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How to Make Great Wine: Rudd Estate
By Rebecca Murphy
Jul 9, 2019
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How do you make great wine?  You start with a great place with the right soils and plant grape varieties best suited to that place in hopes that they are grape varieties that people will want to buy.  You farm those grapes meticulously, and as naturally as possible.  You have winemaking equipment that ensures that you will make the best wines those grapes can produce.  Yes, it will require major financial resources, plenty of expertise…and a passion to inspire your family and team to make your vision reality. 

In 1996, Leslie Rudd and his wife, Susan, picked a 56-acre vineyard site in Oakville located where the Oakville Crossroad meets the Silverado Trail.  The soil on this site is mostly volcanic with some clay and sand.  The reddish color of much of the soil points to its richness with iron.  This vineyard is planted with Cabernet Sauvignon, Cabernet Franc, Petit Verdot and Malbec.  He also found a vineyard site suitable for Sauvignon Blanc, Semillon and Sauvignon Gris at 1600 feet on Mt. Veeder.

As he found his vineyard sites and planned his winery, he relied upon the skill and experience of a few experts to guide him.  These experts have in common a respect for traditional methods in the vineyard and the winery and a willingness to adopt modern techniques…when they prove to enhance wine quality.  Château Haut-Brion was Rudd’s vision of a wine estate, so he looked to Jean-Bernard Delmas, who was technical director of that property until 2003, for advice and inspiration.  Château Pétrus in Pomerol--where Olivier Berrouet was winemaker from 1970 to 2008--uses concrete tanks for fermenting their wines.  Rudd’s concrete tanks were built on-site by the designer and mason of Petrus’s tanks, using 60 tons of their vineyard rocks.  The late Loire Valley iconoclast, Didier Dagueneau, advised him on the Mt. Veeder vineyard.  David Ramey, Rudd’s winemaker from 1998 to 2002, came from Dominus Estate in Napa Valley, owned by Christian Moueix, who managed Petrus from 1970 to 2008.

The winery was built to allow versatility in handling grapes to maximize the expression of their place in the vineyard.   The winery is called the Workshop, because, well, it is.  I visited last year during a quiet time for wineries, so it was more like a museum of modern and traditional wine making.   Fermentation vessels, including shiny, French cone-shaped, stainless-steel tanks, shared space with the aforementioned concrete tanks, concrete eggs and amphorae.  Grapes are picked and handled in the winery by vineyard plot.  A tasting of a few samples of wines coming from grapes grown in different plots demonstrated the effect of location and the diversity of flavor profiles available for blending into their final wines.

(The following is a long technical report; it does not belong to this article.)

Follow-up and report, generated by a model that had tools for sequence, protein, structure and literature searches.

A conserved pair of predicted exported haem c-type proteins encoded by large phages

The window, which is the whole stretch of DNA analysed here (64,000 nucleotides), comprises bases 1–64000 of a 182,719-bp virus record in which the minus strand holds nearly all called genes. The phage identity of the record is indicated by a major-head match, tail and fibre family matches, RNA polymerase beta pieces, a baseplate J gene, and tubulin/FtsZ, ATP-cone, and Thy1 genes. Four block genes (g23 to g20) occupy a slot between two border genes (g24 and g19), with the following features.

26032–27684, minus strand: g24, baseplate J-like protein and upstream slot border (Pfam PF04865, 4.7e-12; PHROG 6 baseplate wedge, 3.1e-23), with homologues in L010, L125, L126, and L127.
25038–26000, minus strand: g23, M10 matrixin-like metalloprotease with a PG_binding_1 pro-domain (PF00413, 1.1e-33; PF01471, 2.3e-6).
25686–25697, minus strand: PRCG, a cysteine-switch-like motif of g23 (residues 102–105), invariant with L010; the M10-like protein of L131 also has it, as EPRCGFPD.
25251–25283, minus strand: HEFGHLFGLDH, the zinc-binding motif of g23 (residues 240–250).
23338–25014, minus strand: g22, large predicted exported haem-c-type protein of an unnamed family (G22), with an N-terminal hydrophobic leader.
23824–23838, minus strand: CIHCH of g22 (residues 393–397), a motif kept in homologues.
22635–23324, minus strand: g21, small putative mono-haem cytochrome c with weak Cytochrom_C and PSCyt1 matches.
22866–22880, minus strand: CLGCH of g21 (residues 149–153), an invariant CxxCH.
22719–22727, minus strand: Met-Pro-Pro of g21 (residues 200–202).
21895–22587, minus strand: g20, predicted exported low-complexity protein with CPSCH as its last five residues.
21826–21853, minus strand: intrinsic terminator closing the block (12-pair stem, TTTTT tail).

I met winemaker Frederick Ammons and vineyard manger Macy Stubstad at the estate.  We walked in the vineyards lush with cover crops and with an occasional sheep--their natural lawn mower.  Most wineries will say their wines begin in the vineyard.  Some are more dedicated to that concept than others.  Rudd is farming organically and biodynamically, a holistic approach to the health of their vineyards.  Perhaps the biggest benefit of this type of farming, aside from the elimination of chemical fertilizers, herbicides and fungicides, is the amount of attention the vines receive the from eyes and hands of skilled workers.  Stubstad said that they have a full-time, in-house vineyard team.  Each team member is assigned to 10 vine rows to farm, so they know their vines well enough to notice potential problems and react before they become real problems.

Rather than buying new vines from a commercial nursery to replace old or diseased vines, they created an in-house nursery.  They create new vines with cuttings from select vines in their vineyards using the traditional practice of massal selection.  A grower will pick cuttings from vines that have proven to be disease resistant, or grows well in a certain environment, or has a desired flavor profile.  It is a practice that predates commercial vine nurseries and clonal development.